Language as a Means of Excommunication: An Exploration of the Use of Language to Oust 'Others' in Contemporary Egyptian/Arabic Discourse

  •  Ahmed Abdel Azim ElShiekh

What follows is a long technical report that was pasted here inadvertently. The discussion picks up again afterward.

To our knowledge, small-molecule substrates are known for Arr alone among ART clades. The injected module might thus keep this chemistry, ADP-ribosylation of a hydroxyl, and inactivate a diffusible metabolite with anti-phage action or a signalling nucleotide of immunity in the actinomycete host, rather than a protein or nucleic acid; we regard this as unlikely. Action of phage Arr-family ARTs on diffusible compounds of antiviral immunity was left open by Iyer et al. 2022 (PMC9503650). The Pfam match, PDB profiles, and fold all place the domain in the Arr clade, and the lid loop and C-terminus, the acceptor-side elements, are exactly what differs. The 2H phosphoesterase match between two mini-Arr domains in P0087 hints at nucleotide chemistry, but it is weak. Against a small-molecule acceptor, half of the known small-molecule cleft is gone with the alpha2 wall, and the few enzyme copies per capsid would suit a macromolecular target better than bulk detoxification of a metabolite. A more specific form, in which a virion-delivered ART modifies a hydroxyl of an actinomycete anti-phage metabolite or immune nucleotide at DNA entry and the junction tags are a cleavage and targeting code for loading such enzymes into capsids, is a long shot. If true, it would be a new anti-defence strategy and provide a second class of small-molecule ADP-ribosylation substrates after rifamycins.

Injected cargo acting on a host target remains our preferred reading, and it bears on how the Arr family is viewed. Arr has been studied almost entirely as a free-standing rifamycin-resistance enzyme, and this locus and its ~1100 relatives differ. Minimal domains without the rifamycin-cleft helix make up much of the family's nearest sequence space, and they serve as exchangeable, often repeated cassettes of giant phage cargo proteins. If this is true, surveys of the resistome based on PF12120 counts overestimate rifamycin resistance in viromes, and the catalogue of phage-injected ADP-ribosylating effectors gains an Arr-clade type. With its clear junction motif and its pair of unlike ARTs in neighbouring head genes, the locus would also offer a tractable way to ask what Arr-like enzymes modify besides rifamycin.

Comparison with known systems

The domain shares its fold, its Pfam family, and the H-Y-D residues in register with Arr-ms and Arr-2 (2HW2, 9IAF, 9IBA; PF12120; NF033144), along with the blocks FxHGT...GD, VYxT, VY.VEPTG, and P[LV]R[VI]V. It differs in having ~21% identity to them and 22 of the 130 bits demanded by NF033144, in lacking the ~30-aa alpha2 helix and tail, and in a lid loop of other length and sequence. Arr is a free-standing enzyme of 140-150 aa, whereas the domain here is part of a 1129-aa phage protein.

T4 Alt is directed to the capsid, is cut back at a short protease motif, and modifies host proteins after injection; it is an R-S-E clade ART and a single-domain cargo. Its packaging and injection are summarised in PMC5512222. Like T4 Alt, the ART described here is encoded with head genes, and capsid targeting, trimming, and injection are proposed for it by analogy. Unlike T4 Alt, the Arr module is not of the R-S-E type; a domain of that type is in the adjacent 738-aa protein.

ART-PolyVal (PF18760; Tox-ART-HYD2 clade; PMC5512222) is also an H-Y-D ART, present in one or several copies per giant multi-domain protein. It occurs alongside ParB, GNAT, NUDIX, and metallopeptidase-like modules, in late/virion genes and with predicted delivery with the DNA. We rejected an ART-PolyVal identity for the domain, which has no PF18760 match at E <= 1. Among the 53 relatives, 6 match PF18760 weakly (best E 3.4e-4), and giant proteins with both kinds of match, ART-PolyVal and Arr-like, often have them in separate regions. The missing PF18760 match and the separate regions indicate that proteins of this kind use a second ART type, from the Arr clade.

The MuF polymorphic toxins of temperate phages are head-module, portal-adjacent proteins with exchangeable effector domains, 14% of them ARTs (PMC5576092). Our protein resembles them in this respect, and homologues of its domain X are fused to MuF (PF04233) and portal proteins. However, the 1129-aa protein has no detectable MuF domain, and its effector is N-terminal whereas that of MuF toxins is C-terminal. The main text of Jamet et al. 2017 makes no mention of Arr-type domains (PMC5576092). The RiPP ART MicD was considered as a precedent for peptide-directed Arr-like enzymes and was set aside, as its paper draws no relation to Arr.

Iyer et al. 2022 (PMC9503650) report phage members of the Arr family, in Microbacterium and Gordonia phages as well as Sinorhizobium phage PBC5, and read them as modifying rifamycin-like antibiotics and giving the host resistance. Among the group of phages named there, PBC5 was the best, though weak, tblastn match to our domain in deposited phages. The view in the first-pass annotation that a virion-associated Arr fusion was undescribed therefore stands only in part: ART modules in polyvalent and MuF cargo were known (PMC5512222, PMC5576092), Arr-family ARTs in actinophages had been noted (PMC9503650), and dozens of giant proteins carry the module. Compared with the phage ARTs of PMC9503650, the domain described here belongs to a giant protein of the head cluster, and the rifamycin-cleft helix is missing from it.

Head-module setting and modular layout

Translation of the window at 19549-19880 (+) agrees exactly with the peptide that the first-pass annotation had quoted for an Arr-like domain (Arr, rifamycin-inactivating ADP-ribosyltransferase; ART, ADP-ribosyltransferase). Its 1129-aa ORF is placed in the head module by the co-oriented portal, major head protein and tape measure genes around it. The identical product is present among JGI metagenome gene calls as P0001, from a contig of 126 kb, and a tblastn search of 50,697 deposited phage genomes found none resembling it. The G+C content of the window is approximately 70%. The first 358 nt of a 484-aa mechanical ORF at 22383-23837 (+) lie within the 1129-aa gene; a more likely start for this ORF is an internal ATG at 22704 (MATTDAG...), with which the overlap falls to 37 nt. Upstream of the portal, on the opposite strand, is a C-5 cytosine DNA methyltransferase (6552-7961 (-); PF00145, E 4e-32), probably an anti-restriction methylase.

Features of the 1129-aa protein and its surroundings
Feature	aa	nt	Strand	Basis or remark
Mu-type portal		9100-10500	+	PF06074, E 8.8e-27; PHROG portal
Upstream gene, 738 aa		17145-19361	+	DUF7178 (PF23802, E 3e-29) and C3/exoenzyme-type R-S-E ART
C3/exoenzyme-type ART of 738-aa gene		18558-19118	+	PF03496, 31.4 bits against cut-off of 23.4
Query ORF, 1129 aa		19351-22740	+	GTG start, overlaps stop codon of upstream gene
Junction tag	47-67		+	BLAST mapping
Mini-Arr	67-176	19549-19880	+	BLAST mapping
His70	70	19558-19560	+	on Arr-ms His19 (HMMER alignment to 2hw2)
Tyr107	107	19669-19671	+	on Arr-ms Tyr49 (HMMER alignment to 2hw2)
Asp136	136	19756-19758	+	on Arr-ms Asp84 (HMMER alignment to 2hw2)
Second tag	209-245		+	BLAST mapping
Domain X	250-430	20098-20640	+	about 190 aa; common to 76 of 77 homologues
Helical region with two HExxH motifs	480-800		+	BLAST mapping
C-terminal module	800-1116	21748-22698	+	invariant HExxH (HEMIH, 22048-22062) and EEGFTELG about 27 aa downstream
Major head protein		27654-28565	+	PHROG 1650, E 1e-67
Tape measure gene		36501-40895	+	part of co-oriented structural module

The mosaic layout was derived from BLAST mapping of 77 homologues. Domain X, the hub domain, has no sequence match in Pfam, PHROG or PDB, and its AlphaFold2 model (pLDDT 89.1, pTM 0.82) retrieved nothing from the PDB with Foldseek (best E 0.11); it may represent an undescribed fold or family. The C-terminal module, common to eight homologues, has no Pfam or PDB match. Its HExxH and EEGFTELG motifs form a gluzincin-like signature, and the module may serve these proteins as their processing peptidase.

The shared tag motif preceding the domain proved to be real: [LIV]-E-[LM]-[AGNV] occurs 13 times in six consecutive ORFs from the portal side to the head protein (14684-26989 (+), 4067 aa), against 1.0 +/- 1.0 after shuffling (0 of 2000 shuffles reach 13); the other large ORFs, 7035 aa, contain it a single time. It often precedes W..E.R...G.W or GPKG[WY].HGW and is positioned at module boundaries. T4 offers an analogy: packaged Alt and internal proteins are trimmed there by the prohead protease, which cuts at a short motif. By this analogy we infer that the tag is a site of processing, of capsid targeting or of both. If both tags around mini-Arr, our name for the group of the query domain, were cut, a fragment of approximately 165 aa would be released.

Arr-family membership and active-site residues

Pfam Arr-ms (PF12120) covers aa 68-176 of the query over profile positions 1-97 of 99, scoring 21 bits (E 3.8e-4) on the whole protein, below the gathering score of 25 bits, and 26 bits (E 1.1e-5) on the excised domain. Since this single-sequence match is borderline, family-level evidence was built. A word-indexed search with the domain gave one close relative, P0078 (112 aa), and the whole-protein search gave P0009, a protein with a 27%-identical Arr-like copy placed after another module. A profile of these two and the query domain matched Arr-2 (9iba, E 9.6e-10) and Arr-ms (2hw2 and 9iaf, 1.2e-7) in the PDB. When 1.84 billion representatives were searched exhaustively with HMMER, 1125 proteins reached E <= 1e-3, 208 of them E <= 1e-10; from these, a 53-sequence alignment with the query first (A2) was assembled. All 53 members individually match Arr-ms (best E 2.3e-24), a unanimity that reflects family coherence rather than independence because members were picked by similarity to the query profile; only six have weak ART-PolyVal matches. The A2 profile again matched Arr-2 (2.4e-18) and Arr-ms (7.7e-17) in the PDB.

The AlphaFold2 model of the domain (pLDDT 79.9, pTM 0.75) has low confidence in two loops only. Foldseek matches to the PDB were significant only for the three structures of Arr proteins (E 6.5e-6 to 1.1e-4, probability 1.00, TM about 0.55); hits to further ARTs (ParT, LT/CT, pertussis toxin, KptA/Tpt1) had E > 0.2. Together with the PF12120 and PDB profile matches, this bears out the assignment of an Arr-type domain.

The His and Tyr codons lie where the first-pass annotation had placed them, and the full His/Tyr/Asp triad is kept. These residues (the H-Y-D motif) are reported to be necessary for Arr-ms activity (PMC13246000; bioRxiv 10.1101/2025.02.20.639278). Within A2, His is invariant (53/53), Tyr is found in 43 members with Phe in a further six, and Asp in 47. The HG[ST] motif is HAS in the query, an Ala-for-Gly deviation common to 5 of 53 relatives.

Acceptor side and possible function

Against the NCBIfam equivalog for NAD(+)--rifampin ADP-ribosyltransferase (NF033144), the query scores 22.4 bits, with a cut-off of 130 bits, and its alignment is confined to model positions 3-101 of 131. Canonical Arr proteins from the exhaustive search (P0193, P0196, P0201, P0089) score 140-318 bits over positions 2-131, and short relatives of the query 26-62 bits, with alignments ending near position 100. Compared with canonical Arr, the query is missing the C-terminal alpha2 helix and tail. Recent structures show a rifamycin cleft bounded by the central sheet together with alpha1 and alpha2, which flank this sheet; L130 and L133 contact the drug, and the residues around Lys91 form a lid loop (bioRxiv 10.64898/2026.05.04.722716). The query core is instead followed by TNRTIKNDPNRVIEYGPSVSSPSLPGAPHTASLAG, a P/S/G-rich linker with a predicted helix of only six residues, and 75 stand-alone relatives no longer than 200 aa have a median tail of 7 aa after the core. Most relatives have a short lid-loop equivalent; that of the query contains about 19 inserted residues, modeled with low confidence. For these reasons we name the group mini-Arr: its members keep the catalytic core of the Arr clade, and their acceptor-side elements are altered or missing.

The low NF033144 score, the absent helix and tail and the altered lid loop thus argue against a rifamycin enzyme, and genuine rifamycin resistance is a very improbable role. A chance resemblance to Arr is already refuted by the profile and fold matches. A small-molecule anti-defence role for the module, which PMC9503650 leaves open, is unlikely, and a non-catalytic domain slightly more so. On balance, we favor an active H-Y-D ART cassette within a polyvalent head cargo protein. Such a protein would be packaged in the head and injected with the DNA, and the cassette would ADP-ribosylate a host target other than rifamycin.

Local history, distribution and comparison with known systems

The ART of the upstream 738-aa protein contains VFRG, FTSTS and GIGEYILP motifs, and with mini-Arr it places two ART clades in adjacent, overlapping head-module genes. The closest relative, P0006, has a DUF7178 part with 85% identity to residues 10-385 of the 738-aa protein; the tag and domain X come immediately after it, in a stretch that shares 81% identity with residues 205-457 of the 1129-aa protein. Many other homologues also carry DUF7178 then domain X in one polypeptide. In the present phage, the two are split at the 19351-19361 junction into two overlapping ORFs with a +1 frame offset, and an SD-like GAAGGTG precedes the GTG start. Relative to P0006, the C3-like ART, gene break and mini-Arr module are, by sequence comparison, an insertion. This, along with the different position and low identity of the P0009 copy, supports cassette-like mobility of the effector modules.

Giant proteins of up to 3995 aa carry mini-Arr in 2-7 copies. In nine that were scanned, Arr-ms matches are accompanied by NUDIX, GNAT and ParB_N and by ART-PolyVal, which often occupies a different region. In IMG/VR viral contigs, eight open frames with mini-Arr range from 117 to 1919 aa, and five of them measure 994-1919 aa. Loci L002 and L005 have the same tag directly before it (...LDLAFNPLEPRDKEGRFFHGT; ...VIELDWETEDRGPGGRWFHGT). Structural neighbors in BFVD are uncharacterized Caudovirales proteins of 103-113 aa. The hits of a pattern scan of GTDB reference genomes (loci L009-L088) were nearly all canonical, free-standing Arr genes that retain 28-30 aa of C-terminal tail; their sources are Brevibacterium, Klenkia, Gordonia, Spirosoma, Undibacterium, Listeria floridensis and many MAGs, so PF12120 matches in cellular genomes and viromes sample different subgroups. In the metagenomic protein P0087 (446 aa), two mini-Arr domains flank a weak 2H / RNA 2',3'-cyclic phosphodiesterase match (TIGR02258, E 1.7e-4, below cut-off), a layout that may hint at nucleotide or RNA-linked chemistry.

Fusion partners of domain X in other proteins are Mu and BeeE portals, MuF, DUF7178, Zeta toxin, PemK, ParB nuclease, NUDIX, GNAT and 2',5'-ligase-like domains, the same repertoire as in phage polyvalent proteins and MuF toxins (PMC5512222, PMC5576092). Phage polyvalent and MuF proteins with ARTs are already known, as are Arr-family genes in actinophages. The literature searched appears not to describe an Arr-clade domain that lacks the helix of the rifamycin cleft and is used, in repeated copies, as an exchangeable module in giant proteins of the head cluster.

One of the most common definitions of language is that it is a means of communication. The present research is, however, interested in quite a different aspect of language use, hence the title: Language as a Means of Excommunication. The term 'excommunication', strictly meaning to "exclude from a church or a religious community"(Note 1), is also used to mean "oust or exclude from a group or membership by decree" (Note 2). This paper deals with the use of language to 'excommunicate' 'others', whether literally or metaphorically, from the membership of a particular group, regardless of its secular or religious nature. The act of excommunication in its broad sense denotes "exclusion from fellowship" (Note 3) (Merriam-Webster, 2002) (Note 4). The researcher focuses on informal acts of 'excommunication' practiced by language users who are not authorized to do so in any way. The research is thus an exploration in contemporary Egyptian discourse with an eye on the use of language to oust 'others' as such. Two events have been selected for that purpose: a basically religious one (Note 5) and an originally sports event that has almost turned into a national dispute (Note 6). The paper shall mainly deal with two linguistic tools used for the disqualification of others as members of a given group; the use of particular lexemes that imply rather than state that the 'other' is some sort of 'infidel' or 'traitor', and the resort to direct quotations from and allusions to decontextualized religious texts that would virtually entail the condemnation of the 'other' as an outcast.

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